[Note: Since publication of this article on May 11, CMS has reversed course and clarified that telehealth provided by hospital-based facilities will be permitted through 2023. No additional guidance has been issued regarding other facility-based settings.]
The national COVID-19 public health emergency is at an end, but despite advocacy from APTA that included meetings with staff at the U.S. Department of Health and Human Services, a major question around the post-PHE use of telehealth by therapists in a range of facility settings remains unresolved. APTA will continue to press CMS for answers — in the meantime, providers in certain settings should take a careful approach.
The problem: While PTs, occupational therapists, and speech-language pathologists in private practice settings (and some facility-based settings) are allowed to continue to provide services under Medicare via telehealth after May 11 (and most likely until Dec. 31, 2024), therapists in certain facilities that use a particular type of claim form — the UB04 — seemingly are no longer eligible. The problem affects a range of settings, including skilled nursing facilities, home health agencies, rehab agencies, and hospital-based outpatient departments.
APTA and other organizations caught the inconsistency early on and have been urging CMS to fix the exclusion — or at the very least, explain the rationale behind it — ever since. The call for a resolution to the problem has been reinforced through a statement signed by coalition of organizations including APTA, APTA Private Practice, the American Occupational Health Association, the American Speech-Language-Hearing Association, the National Association of Rehabilitation Providers and Agencies, and others.
Those efforts continued through the last day of the PHE, May 11, when APTA staff members met with staff from HHS Secretary Xavier Becerra's office. At that meeting, HHS staff acknowledged that the issue was important but warned that answers won't be coming quickly.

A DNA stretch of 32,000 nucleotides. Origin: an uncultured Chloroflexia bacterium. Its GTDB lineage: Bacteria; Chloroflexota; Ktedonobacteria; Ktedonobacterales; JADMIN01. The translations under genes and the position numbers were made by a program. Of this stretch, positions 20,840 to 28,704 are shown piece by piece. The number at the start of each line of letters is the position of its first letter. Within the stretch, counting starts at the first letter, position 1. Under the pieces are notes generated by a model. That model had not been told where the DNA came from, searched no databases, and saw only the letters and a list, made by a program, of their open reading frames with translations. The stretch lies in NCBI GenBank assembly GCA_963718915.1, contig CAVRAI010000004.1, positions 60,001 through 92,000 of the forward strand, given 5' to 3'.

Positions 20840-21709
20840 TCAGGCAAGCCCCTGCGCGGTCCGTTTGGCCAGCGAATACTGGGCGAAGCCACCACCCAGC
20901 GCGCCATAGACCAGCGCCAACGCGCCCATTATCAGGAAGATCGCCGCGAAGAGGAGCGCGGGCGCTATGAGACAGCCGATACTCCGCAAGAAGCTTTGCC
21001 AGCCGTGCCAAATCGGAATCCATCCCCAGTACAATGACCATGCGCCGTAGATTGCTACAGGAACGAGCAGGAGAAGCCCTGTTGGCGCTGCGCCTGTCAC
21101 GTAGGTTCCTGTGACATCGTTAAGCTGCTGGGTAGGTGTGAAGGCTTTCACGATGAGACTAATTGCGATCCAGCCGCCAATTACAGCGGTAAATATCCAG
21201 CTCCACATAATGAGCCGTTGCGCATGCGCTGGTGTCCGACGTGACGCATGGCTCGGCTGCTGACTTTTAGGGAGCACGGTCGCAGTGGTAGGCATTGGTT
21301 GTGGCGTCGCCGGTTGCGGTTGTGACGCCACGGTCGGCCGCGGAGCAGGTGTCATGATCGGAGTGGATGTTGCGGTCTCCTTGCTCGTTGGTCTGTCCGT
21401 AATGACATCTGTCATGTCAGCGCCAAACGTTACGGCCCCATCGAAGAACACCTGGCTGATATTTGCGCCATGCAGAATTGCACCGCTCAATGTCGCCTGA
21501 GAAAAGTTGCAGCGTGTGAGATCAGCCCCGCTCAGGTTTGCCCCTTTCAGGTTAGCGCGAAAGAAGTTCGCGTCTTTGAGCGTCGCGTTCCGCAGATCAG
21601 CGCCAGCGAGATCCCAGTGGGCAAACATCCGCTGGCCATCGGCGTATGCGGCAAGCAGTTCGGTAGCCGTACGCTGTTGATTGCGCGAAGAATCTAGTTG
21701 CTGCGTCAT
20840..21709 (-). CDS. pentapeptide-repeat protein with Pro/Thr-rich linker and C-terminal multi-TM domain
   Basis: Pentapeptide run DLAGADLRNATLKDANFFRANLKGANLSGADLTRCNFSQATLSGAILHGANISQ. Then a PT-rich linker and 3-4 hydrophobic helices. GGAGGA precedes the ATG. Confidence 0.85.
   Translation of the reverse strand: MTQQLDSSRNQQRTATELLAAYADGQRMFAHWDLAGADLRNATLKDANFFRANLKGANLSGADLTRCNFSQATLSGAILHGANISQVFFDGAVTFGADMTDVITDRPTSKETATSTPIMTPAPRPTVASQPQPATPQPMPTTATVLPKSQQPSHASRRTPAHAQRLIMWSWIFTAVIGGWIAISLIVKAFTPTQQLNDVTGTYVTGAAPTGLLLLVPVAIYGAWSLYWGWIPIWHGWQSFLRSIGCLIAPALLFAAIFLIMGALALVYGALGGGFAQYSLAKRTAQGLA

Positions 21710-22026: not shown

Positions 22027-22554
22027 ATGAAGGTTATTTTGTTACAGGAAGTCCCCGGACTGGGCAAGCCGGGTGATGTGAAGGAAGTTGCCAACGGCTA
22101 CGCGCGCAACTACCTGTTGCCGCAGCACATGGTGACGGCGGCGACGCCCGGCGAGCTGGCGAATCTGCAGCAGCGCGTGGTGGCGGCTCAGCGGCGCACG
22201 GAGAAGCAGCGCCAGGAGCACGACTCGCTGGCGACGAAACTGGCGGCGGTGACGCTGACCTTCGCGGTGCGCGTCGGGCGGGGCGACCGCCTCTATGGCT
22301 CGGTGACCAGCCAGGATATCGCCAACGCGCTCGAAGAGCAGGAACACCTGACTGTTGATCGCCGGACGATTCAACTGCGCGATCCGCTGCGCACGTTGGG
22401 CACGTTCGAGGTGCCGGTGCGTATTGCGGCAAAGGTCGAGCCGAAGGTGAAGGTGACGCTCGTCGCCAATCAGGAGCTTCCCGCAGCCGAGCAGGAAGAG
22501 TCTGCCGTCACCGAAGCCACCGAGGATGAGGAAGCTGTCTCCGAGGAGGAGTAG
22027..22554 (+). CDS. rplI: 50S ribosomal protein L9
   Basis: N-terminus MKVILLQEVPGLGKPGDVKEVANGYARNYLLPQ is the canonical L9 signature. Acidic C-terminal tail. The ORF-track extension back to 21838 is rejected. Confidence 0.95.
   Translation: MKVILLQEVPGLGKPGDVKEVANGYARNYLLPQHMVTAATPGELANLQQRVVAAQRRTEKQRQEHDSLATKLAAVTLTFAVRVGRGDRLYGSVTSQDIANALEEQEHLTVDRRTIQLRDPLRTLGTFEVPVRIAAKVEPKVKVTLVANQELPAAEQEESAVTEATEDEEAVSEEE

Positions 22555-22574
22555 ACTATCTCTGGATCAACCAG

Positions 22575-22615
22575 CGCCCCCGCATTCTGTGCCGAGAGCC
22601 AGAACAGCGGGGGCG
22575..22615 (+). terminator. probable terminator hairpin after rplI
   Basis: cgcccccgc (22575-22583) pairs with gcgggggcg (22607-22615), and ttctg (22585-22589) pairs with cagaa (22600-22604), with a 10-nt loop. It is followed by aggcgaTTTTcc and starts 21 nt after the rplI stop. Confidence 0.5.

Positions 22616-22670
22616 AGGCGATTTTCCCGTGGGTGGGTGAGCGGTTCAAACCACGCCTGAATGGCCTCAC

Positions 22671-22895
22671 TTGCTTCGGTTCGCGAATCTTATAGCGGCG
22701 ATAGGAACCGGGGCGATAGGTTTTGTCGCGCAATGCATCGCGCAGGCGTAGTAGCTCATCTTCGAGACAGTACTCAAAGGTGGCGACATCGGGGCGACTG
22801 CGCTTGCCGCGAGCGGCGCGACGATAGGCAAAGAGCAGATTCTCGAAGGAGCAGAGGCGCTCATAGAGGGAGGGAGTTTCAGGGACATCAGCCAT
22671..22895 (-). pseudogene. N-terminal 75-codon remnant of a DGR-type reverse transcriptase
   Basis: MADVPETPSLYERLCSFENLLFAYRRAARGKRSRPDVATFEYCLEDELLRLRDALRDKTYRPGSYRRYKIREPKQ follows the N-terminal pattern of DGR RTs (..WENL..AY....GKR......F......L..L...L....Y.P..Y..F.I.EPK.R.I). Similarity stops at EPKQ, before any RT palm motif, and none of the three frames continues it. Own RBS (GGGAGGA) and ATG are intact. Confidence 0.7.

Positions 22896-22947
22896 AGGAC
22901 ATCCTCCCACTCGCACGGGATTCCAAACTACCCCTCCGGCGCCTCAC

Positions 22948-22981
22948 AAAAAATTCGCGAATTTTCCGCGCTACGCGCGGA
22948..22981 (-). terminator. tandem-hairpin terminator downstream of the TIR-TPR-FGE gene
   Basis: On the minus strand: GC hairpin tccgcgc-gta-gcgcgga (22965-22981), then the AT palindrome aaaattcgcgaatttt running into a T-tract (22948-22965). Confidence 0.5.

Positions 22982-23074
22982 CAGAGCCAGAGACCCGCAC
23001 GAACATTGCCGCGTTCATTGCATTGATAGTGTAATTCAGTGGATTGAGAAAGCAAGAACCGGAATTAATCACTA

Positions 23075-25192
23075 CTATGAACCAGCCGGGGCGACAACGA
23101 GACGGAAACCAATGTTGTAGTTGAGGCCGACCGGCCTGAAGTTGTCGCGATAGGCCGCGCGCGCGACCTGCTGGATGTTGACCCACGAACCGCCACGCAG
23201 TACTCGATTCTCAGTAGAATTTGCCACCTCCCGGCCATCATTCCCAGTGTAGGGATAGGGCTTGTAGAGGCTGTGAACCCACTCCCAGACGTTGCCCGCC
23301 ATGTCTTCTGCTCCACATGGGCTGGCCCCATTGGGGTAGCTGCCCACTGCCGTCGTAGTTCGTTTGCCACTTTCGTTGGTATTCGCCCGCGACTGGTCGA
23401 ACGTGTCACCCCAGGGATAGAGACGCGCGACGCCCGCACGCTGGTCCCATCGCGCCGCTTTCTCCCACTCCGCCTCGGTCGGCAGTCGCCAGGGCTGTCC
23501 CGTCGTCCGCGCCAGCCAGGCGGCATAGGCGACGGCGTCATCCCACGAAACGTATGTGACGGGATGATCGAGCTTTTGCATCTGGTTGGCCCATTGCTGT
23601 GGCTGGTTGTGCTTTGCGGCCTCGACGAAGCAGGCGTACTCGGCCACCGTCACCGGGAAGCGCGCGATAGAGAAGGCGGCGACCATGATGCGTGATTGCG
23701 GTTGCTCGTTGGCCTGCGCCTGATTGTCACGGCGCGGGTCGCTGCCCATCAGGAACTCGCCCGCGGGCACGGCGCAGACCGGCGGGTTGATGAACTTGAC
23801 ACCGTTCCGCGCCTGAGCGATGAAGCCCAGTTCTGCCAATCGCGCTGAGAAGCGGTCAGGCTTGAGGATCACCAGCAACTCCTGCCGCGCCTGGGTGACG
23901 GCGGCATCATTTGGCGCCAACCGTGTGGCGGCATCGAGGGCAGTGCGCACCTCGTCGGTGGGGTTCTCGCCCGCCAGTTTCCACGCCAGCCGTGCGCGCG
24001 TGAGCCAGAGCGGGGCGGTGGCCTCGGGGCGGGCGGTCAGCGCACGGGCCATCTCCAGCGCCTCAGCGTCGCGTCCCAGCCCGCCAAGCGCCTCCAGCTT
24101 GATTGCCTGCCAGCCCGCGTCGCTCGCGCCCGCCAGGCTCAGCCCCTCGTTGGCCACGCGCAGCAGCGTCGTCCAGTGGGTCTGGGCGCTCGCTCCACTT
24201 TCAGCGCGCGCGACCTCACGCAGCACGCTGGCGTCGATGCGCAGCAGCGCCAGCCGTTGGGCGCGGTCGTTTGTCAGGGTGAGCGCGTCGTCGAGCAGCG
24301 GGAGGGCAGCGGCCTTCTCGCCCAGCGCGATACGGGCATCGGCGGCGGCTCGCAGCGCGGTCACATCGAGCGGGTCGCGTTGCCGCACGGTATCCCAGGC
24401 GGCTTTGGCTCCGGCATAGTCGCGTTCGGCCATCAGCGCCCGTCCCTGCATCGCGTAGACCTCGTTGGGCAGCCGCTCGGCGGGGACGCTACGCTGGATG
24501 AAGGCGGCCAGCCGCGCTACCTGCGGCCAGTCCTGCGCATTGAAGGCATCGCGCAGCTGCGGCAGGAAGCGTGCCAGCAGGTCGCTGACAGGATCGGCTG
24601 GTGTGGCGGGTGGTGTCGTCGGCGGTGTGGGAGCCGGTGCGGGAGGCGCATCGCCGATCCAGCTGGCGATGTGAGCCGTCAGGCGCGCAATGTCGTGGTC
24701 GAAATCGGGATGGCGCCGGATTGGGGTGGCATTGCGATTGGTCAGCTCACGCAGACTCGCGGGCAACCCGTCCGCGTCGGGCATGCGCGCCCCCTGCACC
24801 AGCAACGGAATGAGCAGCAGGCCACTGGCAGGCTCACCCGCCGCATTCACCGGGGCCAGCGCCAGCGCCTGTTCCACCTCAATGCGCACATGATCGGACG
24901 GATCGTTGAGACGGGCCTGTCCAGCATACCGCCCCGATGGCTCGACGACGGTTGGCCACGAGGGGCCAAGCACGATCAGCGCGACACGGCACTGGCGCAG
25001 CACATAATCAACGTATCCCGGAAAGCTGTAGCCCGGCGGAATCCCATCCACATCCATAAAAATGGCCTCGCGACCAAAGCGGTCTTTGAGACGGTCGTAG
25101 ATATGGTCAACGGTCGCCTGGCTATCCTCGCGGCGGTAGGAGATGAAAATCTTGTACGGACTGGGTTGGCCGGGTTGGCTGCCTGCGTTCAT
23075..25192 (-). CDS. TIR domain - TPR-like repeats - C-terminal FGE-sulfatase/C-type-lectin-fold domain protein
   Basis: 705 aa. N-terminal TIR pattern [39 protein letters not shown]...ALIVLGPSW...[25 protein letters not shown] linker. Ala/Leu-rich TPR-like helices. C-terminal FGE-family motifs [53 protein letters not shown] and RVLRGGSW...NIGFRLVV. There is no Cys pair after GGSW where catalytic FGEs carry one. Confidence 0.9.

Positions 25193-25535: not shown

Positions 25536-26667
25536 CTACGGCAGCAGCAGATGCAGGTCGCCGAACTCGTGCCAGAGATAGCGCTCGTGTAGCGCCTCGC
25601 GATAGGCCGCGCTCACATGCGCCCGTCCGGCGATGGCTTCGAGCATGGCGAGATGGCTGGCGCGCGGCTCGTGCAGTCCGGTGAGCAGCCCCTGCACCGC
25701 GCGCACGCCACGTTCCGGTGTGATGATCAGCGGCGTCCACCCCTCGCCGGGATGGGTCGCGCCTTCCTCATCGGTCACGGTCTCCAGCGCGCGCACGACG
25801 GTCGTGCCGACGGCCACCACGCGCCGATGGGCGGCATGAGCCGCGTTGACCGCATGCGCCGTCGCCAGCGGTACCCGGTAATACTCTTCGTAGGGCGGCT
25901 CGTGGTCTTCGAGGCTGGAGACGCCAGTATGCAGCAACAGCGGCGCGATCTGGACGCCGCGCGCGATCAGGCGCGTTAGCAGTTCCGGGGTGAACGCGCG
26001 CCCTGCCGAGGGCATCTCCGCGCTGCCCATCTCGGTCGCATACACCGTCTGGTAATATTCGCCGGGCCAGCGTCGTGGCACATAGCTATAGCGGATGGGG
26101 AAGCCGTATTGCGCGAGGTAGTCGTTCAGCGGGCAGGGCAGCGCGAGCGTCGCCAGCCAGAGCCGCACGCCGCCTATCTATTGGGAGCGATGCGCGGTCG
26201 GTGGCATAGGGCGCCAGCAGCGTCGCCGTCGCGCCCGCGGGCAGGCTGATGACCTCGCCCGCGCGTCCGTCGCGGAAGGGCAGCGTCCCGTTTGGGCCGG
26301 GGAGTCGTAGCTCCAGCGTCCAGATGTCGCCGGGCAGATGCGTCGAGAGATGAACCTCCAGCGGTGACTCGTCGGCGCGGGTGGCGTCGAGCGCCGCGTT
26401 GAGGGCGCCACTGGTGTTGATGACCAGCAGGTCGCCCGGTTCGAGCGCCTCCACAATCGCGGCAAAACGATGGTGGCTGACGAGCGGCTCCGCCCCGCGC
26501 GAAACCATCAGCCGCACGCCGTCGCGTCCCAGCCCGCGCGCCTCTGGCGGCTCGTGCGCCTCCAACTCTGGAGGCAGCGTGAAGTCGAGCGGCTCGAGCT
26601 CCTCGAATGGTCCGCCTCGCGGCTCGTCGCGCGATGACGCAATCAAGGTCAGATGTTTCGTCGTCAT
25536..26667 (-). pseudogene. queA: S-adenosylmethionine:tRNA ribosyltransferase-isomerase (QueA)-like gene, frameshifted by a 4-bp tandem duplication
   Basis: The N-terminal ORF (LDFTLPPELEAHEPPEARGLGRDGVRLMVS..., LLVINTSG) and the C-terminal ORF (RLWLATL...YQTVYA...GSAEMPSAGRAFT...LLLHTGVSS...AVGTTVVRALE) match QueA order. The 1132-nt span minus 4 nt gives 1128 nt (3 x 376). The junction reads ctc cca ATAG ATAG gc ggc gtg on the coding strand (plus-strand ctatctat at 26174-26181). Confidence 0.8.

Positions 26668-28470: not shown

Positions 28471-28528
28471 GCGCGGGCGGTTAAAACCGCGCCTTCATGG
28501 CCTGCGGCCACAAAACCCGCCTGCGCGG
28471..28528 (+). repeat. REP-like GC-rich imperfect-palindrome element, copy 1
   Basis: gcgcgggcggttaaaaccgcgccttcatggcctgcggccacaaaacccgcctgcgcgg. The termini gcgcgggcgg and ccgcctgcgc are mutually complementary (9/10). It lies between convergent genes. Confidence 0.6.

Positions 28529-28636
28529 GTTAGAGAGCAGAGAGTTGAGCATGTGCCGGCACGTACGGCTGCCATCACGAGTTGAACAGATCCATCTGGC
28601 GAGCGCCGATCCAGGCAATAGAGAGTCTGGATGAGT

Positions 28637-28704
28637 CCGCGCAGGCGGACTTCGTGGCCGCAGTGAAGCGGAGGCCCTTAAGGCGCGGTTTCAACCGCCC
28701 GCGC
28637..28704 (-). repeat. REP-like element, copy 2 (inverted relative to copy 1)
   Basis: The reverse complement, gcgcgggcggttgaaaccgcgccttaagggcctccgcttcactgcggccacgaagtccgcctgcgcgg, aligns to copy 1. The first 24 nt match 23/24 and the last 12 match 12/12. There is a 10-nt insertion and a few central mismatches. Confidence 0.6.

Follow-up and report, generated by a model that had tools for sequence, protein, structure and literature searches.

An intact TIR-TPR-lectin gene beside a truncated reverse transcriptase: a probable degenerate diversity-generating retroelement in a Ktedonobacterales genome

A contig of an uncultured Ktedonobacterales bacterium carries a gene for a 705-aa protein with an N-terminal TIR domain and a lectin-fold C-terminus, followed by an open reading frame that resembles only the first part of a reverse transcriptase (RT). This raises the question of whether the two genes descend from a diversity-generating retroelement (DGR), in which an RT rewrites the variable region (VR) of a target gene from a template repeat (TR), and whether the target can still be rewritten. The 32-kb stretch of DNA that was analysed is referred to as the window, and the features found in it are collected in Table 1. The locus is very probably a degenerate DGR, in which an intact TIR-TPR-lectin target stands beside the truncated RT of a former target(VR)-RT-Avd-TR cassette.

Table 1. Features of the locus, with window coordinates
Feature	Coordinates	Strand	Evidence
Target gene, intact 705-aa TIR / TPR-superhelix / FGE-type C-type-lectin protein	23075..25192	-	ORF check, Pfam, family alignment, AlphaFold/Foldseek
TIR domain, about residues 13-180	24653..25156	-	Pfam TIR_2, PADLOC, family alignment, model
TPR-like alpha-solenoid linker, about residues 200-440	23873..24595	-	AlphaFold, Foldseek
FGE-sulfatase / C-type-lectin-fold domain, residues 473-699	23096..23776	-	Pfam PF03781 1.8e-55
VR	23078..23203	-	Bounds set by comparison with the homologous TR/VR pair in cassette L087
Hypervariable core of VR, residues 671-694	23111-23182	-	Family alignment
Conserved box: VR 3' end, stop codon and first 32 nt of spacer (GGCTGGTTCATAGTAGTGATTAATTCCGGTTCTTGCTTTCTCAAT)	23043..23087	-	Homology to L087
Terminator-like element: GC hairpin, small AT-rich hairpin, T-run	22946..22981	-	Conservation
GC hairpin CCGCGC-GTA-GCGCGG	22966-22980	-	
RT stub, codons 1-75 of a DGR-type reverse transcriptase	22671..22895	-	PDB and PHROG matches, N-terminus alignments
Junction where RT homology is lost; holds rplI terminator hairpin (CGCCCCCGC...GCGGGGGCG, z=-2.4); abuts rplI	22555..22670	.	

"Basically, we were told that this issue is a priority but that due to legal complexities, it's taking longer than anyone would like to perform a legal analysis," said Kate Gilliard, JD, APTA's director of health policy and payment. "There are three years' worth of waivers, legislation, and regulations that have to be untangled and, unfortunately, it's extremely complicated."
Until Final Guidance is Issued, Caution Is Key
APTA will continue to press for answers and make the case that the telehealth permissions should be extended to all PTs regardless of the forms used by their facilities. Until then, the association urges members working in facilities that use the UB04 form to be especially careful, and consider the following:
Be flexible with patients, but prioritize in-person physical therapy. There is no guarantee that telehealth claims will be paid, so avoid providing services via telehealth if possible.
If telehealth is the only way to provide services, consider getting an ABN from the patient. Should your patient insist on telehealth, or if telehealth is the only option, it may be advisable to obtain an advance beneficiary notice from the patient to make it clear that your services may not be covered by Medicare. APTA can't guarantee that an ABN would lock in a provider's ability to bill the patient in the event that Medicare doesn't pay for the services, but using an ABN may increase that likelihood.
Check with your MAC and document their responses. If you want to provide telehealth, confirm with your Medicare administrative contractor that these claims will still be payable. If CMS decides otherwise, you'll at least have it on record that your MAC gave you the green light to bill telehealth.
Stay informed. HHS didn't provide an estimated timeline for when guidance would be issued, but APTA is closely monitoring the situation. Keep up with the news via APTA's social media channels, weekly news email blasts, and other communications — better yet, simply make apta.org a regular stop.